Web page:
This document can be provided to the landowner or occupier of private land for the purposes of informed verbal consent to undertake low impact exploration (section 43(1)(ea) of the Act).

This document does not constitute legal advice. If a landowner or occupier is uncertain about his or her rights and obligations they may choose to contact the Earth Resources Division for additional information and/or seek independent legal advice.

<Insert Full Name of Licence Holder>

<Insert Address of Licence Holder>

(the Licensee), is the holder of a <retention/ exploration> licence under the Act that applies to:

<Insert short description of the area of land covered by the licence (size and location)>

The Licensee understands that you are the owner and/or occupier of private land covered by the licence area.

The Licensee proposes to undertake low impact exploration work under the licence. The proposed works are as follows:

<Insert brief description of the nature, extent, duration and potential impacts of the proposed low impact exploration on the landowner’s/occupier’s land>

Under the Act, the Licensee must first obtain your consent, as the owner / occupier of the affected land, or alternatively, enter into a compensation agreement with you. A compensation agreement must be written, signed and registered with the Mining Registrar.

Where the exploration is low impact exploration* (as defined under section 4 of the Act), as the landowner / occupier, you can choose whether or not you give consent in writing or verbally (verbal consent must be ‘informed verbal consent’). The Licensee cannot require you to give consent verbally. This handout is intended to provide relevant information to you about the effect of giving verbal consent to undertake low impact exploration activities. For any work other than low impact exploration, the Act requires that consent must be in writing, or alternatively a compensation agreement with you entered into.

However as the Crown owns the minerals, you do not have absolute power to control access to your land for the exploration activities.

If you do not give consent to the Licensee to access your land, or a compensation agreement is not reached between you and the Licensee, compensation can be determined by the Victorian Civil and Administrative Tribunal (VCAT). This involves the owner, occupier or Licensee applying to VCAT for determination of a disputed claim under the Land Acquisition and Compensation Act 1986. (For claims over $50 000, claims may be determined by the Supreme Court.)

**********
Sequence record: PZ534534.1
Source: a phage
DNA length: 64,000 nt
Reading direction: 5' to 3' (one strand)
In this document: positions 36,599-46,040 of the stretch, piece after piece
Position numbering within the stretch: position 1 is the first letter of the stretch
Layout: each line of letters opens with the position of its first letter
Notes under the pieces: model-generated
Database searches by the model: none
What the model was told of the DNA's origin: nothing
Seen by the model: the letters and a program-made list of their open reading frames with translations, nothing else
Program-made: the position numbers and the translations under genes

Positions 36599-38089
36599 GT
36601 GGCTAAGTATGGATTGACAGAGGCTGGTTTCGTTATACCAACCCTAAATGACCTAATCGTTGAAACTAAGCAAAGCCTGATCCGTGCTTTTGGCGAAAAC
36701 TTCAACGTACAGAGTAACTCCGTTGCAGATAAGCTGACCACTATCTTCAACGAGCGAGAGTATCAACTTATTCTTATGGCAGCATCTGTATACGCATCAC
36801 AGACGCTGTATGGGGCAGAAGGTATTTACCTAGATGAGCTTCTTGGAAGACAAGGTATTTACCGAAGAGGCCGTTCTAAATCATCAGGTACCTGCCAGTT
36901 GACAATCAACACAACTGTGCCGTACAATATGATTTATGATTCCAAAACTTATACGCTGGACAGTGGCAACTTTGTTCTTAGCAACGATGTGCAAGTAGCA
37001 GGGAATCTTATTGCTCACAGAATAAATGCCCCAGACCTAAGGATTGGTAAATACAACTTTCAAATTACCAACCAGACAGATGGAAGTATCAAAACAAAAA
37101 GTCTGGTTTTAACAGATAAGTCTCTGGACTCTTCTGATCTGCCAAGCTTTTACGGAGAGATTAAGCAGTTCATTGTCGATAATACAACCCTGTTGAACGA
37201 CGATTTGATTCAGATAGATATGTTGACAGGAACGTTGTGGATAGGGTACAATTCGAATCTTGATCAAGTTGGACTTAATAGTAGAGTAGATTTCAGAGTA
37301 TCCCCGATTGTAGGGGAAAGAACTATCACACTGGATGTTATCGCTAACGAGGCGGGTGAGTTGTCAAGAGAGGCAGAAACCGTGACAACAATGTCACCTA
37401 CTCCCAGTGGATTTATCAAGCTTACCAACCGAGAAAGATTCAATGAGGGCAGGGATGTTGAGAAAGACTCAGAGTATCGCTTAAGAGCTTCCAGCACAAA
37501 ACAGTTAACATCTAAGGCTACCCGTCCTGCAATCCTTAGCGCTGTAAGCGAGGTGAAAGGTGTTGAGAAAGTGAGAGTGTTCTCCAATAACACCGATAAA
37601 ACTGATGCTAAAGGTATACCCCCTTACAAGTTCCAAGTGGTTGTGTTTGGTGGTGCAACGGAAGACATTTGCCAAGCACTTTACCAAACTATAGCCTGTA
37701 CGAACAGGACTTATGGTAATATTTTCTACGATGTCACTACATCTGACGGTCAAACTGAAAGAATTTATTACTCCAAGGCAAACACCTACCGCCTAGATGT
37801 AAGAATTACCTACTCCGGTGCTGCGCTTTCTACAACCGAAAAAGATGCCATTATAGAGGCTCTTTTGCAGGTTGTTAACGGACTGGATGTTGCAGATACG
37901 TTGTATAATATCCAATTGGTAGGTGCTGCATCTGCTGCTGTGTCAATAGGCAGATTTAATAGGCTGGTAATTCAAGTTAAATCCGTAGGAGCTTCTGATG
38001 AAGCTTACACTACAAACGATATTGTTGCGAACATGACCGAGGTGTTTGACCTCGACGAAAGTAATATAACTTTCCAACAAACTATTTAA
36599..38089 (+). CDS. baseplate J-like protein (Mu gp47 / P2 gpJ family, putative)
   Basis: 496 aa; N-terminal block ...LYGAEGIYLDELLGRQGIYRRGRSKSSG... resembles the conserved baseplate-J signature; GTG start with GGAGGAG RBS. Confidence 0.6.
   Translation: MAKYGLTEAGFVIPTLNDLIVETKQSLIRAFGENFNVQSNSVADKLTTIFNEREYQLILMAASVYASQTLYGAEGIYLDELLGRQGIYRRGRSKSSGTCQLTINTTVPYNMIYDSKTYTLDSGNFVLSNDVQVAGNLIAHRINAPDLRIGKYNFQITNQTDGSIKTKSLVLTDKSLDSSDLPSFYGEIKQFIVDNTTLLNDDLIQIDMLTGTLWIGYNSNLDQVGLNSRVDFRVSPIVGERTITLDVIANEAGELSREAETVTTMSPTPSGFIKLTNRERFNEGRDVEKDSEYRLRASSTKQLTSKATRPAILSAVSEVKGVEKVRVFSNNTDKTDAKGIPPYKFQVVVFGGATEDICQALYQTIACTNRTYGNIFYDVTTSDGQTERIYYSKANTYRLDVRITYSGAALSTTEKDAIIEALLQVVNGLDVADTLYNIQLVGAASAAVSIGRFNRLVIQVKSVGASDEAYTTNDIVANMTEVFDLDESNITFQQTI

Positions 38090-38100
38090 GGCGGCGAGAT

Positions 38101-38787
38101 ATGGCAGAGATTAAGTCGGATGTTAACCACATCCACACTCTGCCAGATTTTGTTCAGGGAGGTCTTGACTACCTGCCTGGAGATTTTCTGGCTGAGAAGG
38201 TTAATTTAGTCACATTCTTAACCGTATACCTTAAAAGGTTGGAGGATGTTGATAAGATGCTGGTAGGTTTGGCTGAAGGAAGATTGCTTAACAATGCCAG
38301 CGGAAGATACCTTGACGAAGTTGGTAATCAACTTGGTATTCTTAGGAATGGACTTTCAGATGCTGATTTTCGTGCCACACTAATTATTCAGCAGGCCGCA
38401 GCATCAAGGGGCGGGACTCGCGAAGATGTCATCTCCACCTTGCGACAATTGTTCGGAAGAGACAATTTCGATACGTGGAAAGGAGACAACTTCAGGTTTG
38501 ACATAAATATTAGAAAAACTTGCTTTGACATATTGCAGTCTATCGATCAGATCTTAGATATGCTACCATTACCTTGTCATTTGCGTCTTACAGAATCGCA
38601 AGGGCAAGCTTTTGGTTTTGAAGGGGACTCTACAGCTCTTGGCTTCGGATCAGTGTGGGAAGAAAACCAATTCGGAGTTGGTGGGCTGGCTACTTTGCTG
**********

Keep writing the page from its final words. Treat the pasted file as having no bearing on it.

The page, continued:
The matter cannot be determined by the Tribunal or Court unless the applicant can provide evidence to satisfy the Tribunal or Court that the applicant has attempted to settle the matter by conciliation but has been unable to do so because the other party has refused to negotiate a settlement or because both parties are unable to agree.

Once compensation has been determined by VCAT (or the Supreme Court) exploration may be undertaken on the relevant land.

Licensees and landowners / occupiers are encouraged to negotiate agreement in relation to consent or compensation wherever possible. Involvement by VCAT or the Supreme Court should only be as a last resort

Note, regardless of whether the consent is written or verbal, compensation is payable to you by the Licensee for any loss or damage that has been or will be sustained as a result of the low impact exploration work. Compensation is not payable for the value of any minerals found on private land.

*Under the Act, low impact exploration is limited to work that does not involve:

  • use of excavation equipment (other than non-mechanical hand tools);
  • use of explosives;
  • removal or damage to trees or shrubs;
  • disturbance to Aboriginal heritage; or
  • disturbance to any archaeological site or relic (see section 4 of the Act).

As such low impact exploration typically includes exploration activity such as geological surveys and mapping, small-scale soil and rock sampling and most geophysical surveys.

 

If you would like to receive this information/publication in an accessible format (such as large print or audio) please call the Customer Service Centre on 136 186, TTY 1800 122 969

Published by the Department of Economic Development, Jobs, Transport and Resources, Earth Resources Development Division, February 2012

© The State of Victoria 2012

This publication is copyright. No part may be reproduced by any process except in accordance with the provisions of the Copyright Act 1968.
Authorised by the Department of Economic Development, Jobs, Transport and Resources - Earth Resources.


ISBN 978-1-74326-069-2 (online)

Disclaimer

This publication may be of assistance to you but the State of Victoria and its employees do not guarantee that the publication is without flaw of any kind or is wholly appropriate for your particular purposes and therefore disclaims all liability for any error, loss or other consequence which may arise from you relying on any information in this publication.